Magazine article Tate Etc.

Planting a Seed

Magazine article Tate Etc.

Planting a Seed

Article excerpt

Yayoi Kusama at Tate Modern II - One of the Japanese artist's earliest memories was of the seed-harvesting field in the plant nursery owned by her family, and since then organic motifs have been the central element of Kusama's work, providing powerful subject matter to reflect her restless state of mind

Damien Hirst:

Do you feel that your work is optimistic?

Yayoi Kusama:

No, I don't feel my work is optimistic. Each piece of work is a condensation of my life.

This is the opening salvo in a short conversation first published in the catalogue for a solo exhibition by Yayoi Kusama at Robert Miller Gallery in New York in 1998. It provides a telling encapsulation of the work of a legendary figure in the art of the past half century, as the artist wishes that work to be construed. Kusama's remarks on this, and on many other occasions, insist on, rather than merely validate, a reading of her oeuvre in biographical terms.

The lineaments of her life, as she has recounted it, are as dramatic as they are well-rehearsed. Bom in rural Japan in 1929 into a family; had an unhappy relationship with an abusive mother; has continually experienced hallucinations since childhood and been prone to morbid obsessions; received a traditional training in Japanese nihonga painting while also being exposed to European modernism; left Japan for New York in 1958, where she was highly active and visible, but returned to her homeland in 1973 on account of ill health; remains in Tokyo today, as tirelessly productive as ever, but living by choice in a mental hospital.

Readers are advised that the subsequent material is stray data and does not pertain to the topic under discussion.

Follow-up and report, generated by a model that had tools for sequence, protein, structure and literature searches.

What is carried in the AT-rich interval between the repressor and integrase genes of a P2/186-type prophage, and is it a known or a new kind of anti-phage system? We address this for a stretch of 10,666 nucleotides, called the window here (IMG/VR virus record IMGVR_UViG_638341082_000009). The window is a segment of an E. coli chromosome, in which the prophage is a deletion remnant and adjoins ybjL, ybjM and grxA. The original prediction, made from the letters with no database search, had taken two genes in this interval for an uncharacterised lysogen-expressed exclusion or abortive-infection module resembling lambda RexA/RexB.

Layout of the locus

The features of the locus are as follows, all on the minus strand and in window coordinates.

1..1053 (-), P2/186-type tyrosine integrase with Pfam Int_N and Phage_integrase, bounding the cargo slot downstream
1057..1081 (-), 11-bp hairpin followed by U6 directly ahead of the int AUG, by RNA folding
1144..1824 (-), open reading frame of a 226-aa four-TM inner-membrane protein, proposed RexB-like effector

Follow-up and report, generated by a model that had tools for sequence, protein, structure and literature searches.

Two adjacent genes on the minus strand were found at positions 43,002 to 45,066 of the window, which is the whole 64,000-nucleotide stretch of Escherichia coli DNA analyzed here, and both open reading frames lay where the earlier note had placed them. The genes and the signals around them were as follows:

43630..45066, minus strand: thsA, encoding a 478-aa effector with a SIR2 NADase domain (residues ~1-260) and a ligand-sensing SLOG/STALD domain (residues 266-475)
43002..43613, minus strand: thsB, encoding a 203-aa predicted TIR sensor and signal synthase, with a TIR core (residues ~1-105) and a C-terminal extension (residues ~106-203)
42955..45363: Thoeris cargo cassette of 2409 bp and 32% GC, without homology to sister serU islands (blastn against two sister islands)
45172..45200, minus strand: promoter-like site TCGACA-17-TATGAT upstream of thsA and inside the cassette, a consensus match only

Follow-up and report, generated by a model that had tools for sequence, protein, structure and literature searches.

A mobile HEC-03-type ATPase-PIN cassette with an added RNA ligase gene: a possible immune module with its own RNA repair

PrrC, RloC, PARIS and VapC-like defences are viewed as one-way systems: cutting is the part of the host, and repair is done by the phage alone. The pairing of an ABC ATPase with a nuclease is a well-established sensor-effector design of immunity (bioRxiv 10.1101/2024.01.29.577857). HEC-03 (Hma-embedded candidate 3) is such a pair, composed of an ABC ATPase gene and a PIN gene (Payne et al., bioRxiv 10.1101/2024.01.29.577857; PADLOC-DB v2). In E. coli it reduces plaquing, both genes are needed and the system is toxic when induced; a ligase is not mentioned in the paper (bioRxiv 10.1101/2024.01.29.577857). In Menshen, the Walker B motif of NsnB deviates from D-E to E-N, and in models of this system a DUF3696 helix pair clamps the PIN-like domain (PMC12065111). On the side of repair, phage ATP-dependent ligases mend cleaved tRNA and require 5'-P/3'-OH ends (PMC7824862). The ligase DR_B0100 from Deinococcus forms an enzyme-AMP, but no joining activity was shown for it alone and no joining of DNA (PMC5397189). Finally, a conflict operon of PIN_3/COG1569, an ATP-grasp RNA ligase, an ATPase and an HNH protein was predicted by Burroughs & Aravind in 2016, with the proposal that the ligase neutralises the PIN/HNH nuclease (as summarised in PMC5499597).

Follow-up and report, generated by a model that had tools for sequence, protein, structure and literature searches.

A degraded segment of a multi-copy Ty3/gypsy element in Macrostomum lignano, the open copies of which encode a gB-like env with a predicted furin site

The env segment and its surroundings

The mature works for which Kusama is best known are all structured according to a compositional principle of febrile proliferation: the "all-over" Infinity Net paintings, since the late 1950s; the stuffed-fabric sculptural agglomerations of phallic forms begun in the early 1960s; the dizzyingly recessive Mirror Rooms; the viral polka-dots with which she has, as she once put it, "obliterated cats, dogs, a horse, rocks, lakes, mountains, New York City and the Statue of Liberty"; even the unbridled flow of her writings. As early as 1964 she described one of her sculptural aggregations as "a logical development of everything I have done since I was a child, it arises from a deep, driving compulsion to realise in visible form the repetitive image inside of me".

In the light of such persistent assertions, it is not surprising that previous commentators have found confirmation of a life-long continuity of concerns in the scant but fascinating evidence of works from her student days and earlier. Lingering Dream (1949), for instance, is one of the few nihonga pieces from Kusama's student days that she chose to preserve rather than destroy. Executed in mineral pigments on paper, this image derives from the memory of a seed-harvesting field that formed part of a nursery owned by her family in the town of Matsumoto, where she grew up. The nightmarish depiction of crimson sunflowers in a state of convulsive decay, among which a few green butterflies flutter about, bears comparison with the dreamscapes of European Surrealism, though Kusama claims to have been unaware of such precedents at the time.

From Lingering Dream we might follow a strain through her mature work right up to the giant polka-dotted pumpkins and writhing psychedelic flora of the more recent sculptures and installations, which is to say the proliferating images of various organic materials: seeds, flowers, fruit, leaves and plants, as well as sundry unidentified micro-organisms. …

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